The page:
Black Friday is one of the most important days of the year for most businesses. That is no different for online businesses. However, many businesses simply assume that they will make more sales when Black Friday comes around, without any preparation. Unfortunately, that is not always the case. So how do you prepare your store to get the most out of Black Friday?
What is Black Friday?
Black Friday is the name for the Friday following Thanksgiving in the United States. This means it takes place on the fourth Friday of November, which is the 27th of November in 2020. The day signifies the start of the festive shopping season for many people, and is considered to be one of the biggest sale days of the year. Many stores open earlier, and for longer hours on Black Friday, whilst online stores are known for often starting their sales a few days prior.
When is Black Friday?
This year, Black Friday takes place on the 27th of November. However, we may see many online stores starting their sales a few days, or maybe even weeks, early. Online stores starting sales slightly early is not unusual. However, due to the current circumstances around the world caused by the COVID-19 pandemic, many will choose to start sales even earlier.
Will Black Friday be influenced by this year’s economic climate?
Black Friday will undoubtedly be somewhat influenced by the 2020 economic climate. Lots of people will have less spare cash to spend, and what they do spend is likely to be on different products to what would normally catch their interest.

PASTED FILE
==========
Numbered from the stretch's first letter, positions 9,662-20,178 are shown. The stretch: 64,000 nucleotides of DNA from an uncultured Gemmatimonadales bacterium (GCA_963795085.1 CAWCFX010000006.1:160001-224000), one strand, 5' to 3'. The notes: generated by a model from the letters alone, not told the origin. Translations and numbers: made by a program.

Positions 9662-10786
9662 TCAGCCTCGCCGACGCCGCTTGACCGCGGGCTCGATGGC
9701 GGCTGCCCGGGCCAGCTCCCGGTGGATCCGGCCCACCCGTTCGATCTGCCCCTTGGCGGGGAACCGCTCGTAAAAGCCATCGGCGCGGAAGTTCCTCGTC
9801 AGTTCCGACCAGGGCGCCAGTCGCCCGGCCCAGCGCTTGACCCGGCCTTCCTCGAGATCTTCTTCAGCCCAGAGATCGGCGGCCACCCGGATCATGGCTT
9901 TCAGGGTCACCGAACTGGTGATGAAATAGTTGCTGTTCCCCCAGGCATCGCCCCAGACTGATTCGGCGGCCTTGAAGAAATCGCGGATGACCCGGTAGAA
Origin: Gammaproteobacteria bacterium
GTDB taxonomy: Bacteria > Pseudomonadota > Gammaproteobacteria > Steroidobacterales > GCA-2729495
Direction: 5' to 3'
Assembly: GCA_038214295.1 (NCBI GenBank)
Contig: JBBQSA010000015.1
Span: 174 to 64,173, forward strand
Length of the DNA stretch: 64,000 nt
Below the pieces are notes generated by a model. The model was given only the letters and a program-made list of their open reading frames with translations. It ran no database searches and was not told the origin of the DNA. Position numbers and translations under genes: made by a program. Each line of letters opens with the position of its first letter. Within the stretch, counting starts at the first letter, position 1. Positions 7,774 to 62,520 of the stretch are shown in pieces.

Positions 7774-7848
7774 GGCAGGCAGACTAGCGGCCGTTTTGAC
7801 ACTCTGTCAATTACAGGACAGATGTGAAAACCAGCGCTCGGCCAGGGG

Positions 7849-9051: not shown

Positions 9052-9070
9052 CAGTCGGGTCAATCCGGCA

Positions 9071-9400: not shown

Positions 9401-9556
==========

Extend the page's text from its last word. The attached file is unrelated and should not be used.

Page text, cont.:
So far, we have also seen several sales pushed back, to the point where the sales that are normally spread across a year have merged into one long sale. This may cause people to take less interest in Black Friday. The most significant of the sales that was pushed back was Prime Week, which normally takes place in July. This year Prime Week only took place in mid-October.
We also see a notable increase of online purchases in the UK, due to the pandemic.
This could further influence spending in certain sectors. And with shops unlikely to be open in many nations around the world, this pattern of spending seems set to stay for the near future.
All in all, there is no surefire way of telling whether each individual business will be affected drastically. Some sectors will likely see a boost in sales, whilst others may well struggle more than they did in previous years. One thing is for sure, this Black Friday is more unpredictable and challenging than any other to date.
How to deal with the increased online competition
With Coronavirus still influencing daily life in many countries, high street retailers have been forced to turn to selling online in order to continue doing business. For online sellers, this means only one thing, increased competition.
Source: Edge by Ascential
So what is the best way to deal with this rise in competition?